Ryan said... Saville seems related to Sargent to me, in that both have enough talent to paint with facility, felicity, or glibness, but the overall effect is thin because neither seems to have any struggle with why to ever do one thing rather than one other thing.. Compare those two slick (or glib, or whatever) paint handlers with someone like Morandi, who also at times moved paint around quickly, but in my opinion is more directly overwhelming in 9x12 inches than these massive paintings.Holy Cow, Ryan. I swear you stole this right out of my brain. Not the Morandi part, (which I completely agree with), but the Sargent comparison. I was just about to write that when I saw your comment.
Old Guy -- Uglow, stodgy modelling and drawing? Naw, say it ain't so. I love Uglow.
Let there be love Nomi
What about the subject? A dead pig, a slaughtered pig, a pig full of baby pigs. Boo-hoo.Art, like this, is easy.
It seems like people don't know how to look at figurative paintings anymore.
What do you mean by that Waste?
I read plenty of people are pulling from their satchel. I prefer that because it's honest and reasonably easy to pick which bag of collections they are coming from. I enjoy personal takes. But waste, please go ahead, read, no pressure, your take on why these posts don't come up to a standard. You have the platform.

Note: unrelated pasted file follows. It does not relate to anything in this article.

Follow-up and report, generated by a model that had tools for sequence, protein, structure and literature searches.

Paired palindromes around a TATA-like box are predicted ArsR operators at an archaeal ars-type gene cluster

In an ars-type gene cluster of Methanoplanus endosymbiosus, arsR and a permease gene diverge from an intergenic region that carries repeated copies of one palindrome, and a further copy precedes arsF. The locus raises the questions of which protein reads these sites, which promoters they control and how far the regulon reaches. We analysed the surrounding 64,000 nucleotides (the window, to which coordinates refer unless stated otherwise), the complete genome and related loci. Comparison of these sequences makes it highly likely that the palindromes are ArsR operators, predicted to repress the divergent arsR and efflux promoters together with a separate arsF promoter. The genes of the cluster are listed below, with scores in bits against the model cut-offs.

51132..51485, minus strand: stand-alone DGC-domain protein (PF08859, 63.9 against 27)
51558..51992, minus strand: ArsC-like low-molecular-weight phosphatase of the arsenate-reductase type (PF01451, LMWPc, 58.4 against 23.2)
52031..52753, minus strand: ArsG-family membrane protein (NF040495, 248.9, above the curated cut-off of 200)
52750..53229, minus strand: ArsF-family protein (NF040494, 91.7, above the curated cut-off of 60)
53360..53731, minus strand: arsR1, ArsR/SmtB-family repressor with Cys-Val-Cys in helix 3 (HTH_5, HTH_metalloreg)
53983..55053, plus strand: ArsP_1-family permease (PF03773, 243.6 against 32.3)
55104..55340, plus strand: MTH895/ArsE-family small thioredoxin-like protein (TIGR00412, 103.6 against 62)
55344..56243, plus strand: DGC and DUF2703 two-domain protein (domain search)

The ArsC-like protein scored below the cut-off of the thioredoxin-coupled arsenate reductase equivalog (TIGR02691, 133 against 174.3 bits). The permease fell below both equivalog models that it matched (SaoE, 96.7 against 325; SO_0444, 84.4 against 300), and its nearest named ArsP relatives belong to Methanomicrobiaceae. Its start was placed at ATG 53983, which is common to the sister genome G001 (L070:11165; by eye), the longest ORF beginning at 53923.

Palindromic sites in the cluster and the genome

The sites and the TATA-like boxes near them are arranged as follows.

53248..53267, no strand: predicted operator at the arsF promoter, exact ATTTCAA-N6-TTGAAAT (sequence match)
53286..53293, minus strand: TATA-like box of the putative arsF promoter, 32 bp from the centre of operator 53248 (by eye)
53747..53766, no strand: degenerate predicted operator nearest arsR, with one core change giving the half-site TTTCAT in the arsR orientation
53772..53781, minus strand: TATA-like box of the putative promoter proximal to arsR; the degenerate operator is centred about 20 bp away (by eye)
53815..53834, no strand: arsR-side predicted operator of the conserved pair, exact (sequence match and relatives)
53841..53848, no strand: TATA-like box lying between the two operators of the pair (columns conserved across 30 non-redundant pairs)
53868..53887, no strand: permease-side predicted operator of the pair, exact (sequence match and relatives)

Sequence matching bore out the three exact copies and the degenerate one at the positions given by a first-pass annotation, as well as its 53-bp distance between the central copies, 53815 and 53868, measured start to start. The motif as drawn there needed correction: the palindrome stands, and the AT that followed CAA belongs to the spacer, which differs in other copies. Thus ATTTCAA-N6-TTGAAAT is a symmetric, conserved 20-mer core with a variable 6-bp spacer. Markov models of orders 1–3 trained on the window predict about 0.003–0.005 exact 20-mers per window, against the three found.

Sorry, but the Bacon / Pig thing is making me laugh, could Saville be, er, that funny? Not sure if i can entirely see Bacon though (tee hee). On Uglow, I used to see a life model of his, when he passed away she still had the small x's on her body from his reference, so she got them tattooed.
when worlds collide
you knowe it is nice to see an artist who can draw - Does dana schutz ever do anything other than cartoons? Not that she shouldn't but that's what gets me.
oh and houdini - let you in on a little secret - art IS easy. Don't let them tell you different - and art can be cheap, too. Just look in the dumpsters of oblivion and the trash piles of destiny.
I wonder how much her paintings depend on exterior context for a lasting effect.. after the wow that's big and well made effect dwindles. I don't think she is only trying to paint the figure as structural form, but instead is combining this with the post DeKooning way of painting the human condition as represented by the (dis)figure and the real brush at the end of a real human arm. In her work though, there is no spatial interaction.. the body is on a ledge of some sort, shoved right up in your face.. it's space is your space, which is currently (in history) filled with bodies being added to and subtracted from.. "mutilated" from the inside in a desire to be "other", or from the outside (genital mutilation) by someone else's desire for you to be other. How much do her paintings rely on this environment, and does that matter in 100 yrs? Also I don't see her relating to Bacon, because his paintings are non-illustrative and artificial, to borrow his terms. They create their own environment, and it doesn't include me, that I can tell anyway.
sir ryanyou have a dangerous eye that discerns nuances that quietly sweep by the posters on this board.
On Uglow, I used to see a life model of his, when he passed away she still had the small x's on her body from his reference, so she got them tattooed.Wow.
i have nuance tatooed around my sphincter.